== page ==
U.K.'s Tolerant Reputation 'Under Threat' Post-Brexit Due to Racial Inequality

Racism protest
People hold placards during a Stand up to Racism and Fascism rally in central London March 22, 2014. a new report warns of entrenched racial inequality in the U.K. Neil Hall/Reuters

The U.K.’s tolerant image is facing its “greatest threat for decades” in the wake of Brexit, according to a report that warns of entrenched racial inequality in the country.

The report by the Equality and Human Rights Commission, titled Healing a Divided Britain and released Thursday, concludes that: “Divisions in our society have also been highlighted since the referendum on UK membership of the European Union.

“A spike in racism and hate crime in England and Wales following the vote suggests that, in some areas, a minority of people with racist attitudes have used the result to legitimize racism and hate crime.”

The committee’s chair, David Isaacs, writes in his introduction that, “Our nation’s hard-worn reputation for tolerance is arguably facing its greatest threat for decades.” As well as noting the rise in reported crimes since the referendum, the report identifies wide-ranging examples of challenges faced by ethnic minority people in Britain. These include inequalities in education, healthcare and treatment by police and other authorities. The report found that:

  • Permanent school exclusion for black Caribbean and mixed white/black Caribbean children in England is around three times the exclusion rate for all pupils.

  • Over the last five years, the number of young ethnic minority people in the UK who are long-term unemployed has almost doubled, whereas for young white people it fell slightly.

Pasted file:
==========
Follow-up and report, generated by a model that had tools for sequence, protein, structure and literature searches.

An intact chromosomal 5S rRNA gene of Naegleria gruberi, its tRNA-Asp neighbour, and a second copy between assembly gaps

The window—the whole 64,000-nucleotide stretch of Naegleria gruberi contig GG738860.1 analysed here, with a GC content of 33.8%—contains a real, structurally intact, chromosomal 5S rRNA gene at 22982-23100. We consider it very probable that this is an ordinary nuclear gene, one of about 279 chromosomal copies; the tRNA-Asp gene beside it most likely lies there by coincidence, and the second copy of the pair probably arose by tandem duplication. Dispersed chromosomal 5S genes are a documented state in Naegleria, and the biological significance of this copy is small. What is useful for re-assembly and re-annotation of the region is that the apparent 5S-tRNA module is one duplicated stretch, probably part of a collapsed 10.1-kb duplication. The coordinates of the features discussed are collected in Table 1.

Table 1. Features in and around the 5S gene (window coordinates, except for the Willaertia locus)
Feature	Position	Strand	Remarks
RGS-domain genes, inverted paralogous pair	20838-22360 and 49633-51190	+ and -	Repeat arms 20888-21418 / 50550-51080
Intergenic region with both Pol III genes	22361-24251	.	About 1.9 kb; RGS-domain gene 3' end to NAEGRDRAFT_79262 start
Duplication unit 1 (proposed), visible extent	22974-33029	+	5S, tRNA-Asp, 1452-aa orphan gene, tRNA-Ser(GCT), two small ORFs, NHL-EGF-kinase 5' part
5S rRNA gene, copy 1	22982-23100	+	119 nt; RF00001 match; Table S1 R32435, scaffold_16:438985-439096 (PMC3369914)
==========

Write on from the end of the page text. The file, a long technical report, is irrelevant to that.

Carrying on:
• Ethnic minorities in police custody in England and Wales are significantly more likely to be physically restrained than white people.

This final example has been highlighted recently in protests by the Black Lives Matter movement, whose U.K. arm staged disruptive “shutdown” demonstrations earlier this month to draw attention to the deaths of black and ethnic minority people in police custody.

The report calls for a “comprehensive and co-ordinated” strategy from government to address racial inequality, in contrast to the present approach which is, the commission finds, divided into “silos.”

“Public money currently spent on separate activities could be used more efficiently and with greater impact if this work were brought together,” the report says, “For example, we will not make sustainable progress in reducing the ethnic minority employment gap unless we address the educational attainment gap.”

Chuka Umunna, the black Labour MP and race equality campaigner, said on Twitter that the report demonstrated the “need for change in our country.”